The Secret to Simplifying Health Plans’ Member Marketing Material Translations: A Parallel Project Path
We’ve seen first-hand the frustrations health plan project managers experience in translating their member marketing materials – including Annual Notice of Coverage (ANOC), Evidence of Coverage (EOC), Drug Formulary and Summary of Benefits (SB) – to additional languages.
The question for our CodyPrint® team became: What would give project managers visibility to the translation process, minimize the production timeline, and eliminate the iterative processes that increase the opportunity for errors in these materials?
The answer was a parallel project path for creating both the English and Spanish versions of these materials in lockstep. Rather than the conventional model where the health plan gives a translation company an English document to translate, the translation company does its work and then sends the translated document back, we developed a different methodology to create and revise English and Spanish documents in parallel.
Industry Alert: Is Your Health Plan the Target of CMS’s New Audit Focus?
Vikki Ahern, CMS Director for Medicare Part C/D Oversight and Enforcement Group (MOEG), spoke at this week’s 2017 HCCA Managed Care Compliance Conference. It served as a wake-up call for compliance professionals in attendance.
Although an explanation of CMS’s reasoning was not provided, Vicki Ahern stated that CMS will specifically target small parent plans for 2017 program audits. CMS will begin sending plan sponsor program audit notices on February 21, with audit start dates in April.
3 Reasons the Conventional Method of Translating Member Materials Makes Project Managers Nervous
Project managers are highly organized, detail-oriented people. Some may admit to being control freaks, but that’s what makes them good at their jobs. This is especially the case for project managers responsible for coordinating a health plans’ member marketing communications, given the level of complexity, time-sensitivity and risk involved in creating and distributing these materials.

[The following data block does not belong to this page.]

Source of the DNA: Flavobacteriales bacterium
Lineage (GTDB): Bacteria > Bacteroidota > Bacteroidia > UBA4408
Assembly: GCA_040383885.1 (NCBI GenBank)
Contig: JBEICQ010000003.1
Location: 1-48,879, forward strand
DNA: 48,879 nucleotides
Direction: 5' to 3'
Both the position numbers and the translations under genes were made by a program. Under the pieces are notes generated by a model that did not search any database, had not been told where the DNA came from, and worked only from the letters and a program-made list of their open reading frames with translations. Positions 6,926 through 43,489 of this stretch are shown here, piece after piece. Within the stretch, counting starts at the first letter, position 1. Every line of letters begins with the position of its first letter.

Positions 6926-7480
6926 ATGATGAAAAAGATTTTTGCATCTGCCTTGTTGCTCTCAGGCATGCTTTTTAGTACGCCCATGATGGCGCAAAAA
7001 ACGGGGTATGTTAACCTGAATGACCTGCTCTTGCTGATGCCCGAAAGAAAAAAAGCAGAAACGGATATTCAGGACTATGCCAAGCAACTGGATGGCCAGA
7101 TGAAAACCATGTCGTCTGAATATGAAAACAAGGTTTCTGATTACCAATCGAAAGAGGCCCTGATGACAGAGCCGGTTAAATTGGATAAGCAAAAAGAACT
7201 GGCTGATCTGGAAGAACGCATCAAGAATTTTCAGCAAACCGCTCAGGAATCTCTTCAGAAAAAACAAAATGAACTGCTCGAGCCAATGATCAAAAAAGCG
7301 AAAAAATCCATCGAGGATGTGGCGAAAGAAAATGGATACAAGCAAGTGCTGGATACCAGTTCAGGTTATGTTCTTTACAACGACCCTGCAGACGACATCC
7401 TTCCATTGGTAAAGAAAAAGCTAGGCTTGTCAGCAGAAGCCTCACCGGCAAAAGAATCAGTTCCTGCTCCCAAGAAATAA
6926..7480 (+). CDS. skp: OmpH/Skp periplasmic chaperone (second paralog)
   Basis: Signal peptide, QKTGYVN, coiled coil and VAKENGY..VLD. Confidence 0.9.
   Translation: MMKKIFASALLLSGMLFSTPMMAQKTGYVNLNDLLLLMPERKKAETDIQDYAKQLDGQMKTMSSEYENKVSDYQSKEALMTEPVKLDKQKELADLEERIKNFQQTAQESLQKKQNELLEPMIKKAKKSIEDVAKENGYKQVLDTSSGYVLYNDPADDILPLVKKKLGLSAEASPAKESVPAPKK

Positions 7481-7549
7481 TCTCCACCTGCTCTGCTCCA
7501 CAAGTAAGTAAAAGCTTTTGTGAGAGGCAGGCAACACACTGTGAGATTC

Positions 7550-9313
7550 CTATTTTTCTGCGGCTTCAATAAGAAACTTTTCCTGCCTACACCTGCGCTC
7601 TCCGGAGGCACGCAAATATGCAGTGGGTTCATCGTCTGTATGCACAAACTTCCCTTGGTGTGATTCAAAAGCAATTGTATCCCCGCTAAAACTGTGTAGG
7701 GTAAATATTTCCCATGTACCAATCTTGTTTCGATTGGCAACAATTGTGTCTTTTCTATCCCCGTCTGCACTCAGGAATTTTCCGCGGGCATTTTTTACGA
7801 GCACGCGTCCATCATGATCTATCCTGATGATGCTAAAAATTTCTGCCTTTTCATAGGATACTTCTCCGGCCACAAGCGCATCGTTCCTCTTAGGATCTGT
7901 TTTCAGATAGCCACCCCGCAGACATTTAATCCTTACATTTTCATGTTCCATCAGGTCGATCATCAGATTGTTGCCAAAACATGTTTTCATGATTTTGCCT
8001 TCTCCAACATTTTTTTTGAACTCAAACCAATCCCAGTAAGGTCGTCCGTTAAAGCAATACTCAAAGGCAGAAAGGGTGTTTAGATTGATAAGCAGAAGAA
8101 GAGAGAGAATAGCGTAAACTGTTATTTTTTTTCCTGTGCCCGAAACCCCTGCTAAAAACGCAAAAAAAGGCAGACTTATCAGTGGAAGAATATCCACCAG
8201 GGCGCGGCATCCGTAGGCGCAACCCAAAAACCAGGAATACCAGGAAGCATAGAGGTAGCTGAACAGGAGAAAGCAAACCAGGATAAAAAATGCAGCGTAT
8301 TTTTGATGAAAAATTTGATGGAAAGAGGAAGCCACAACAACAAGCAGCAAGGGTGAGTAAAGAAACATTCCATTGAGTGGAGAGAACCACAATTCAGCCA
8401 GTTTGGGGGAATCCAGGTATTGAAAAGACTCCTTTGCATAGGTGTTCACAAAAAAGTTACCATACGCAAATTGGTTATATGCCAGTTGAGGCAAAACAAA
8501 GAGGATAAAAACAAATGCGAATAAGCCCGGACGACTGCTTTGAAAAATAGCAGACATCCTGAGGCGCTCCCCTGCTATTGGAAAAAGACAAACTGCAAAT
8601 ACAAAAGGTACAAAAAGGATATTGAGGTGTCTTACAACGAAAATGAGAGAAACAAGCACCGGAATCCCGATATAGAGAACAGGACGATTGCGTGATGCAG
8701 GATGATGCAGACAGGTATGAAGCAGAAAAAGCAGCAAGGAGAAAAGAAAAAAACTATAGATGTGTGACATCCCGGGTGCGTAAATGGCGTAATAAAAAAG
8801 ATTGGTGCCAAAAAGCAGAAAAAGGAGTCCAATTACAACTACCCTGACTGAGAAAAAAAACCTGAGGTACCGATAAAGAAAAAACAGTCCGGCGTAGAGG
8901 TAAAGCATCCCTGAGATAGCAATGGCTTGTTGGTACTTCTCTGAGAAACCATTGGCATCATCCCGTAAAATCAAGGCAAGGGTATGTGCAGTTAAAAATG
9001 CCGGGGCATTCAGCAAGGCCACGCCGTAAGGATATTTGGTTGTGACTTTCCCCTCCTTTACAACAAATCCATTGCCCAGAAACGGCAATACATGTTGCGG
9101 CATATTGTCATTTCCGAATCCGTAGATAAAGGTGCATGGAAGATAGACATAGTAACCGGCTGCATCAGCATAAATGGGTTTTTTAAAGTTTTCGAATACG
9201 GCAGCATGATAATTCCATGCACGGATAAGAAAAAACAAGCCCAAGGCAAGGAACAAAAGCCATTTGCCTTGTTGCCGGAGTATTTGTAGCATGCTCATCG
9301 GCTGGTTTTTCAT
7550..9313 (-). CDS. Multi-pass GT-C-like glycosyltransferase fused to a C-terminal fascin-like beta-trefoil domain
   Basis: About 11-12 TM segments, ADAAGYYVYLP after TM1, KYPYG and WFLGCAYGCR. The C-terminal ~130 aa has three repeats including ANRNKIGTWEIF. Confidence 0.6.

Producing and distributing accurate, on-time Annual Notice of Coverage (ANOC), Evidence of Coverage (EOC), Drug Formulary, and Summary of Benefits (SB) documents in English is a feat worthy of celebration. But health plans required to deliver member materials in additional languages must deal with another set of issues before the party can begin.
How a Medicare Advantage Voucher Program could be the Next Medicare Part D
With 10,000 Americans entering Medicare every day, the health plan industry continues to expand. In 2015, 55.5 million people were enrolled in Medicare. By 2020, that number is expected to increase to 64.4 million, and to balloon to 81.8 million by 2030.
Yet, of the current 55.5 million Medicare beneficiaries, only a third are enrolled in Medicare Advantage (MA) plans. There is plenty of opportunity for MA plans to grow – and it could happen sooner than most people think, especially if certain factors come into play.
3 Ways Growing Health Plans can Avoid Adding FTEs
Health plans today are feeling more pressure than ever before to do more with less. This is especially true now that health plans have to operate within the federal minimum medical-loss ratio (MLR) requirement. The minimum MLR requirements leaves health plans with only 15 percent of their Medical revenue to spend on administration, marketing, and, often the most expensive line item, employee salaries.
For health plans looking to bring on more resources to handle growth – for instance, moving from a small health plan to a medium-to-large health plan – the obvious course of action may be to hire more full-time equivalent employees (FTEs). However, adding FTEs comes with great expense. Salaries, benefits, workstations, equipment and other expenditures associated with FTEs add up quickly. In short, hiring more FTEs is not necessarily the most efficient or cost-effective next step for a growing health plan looking for scalable solutions.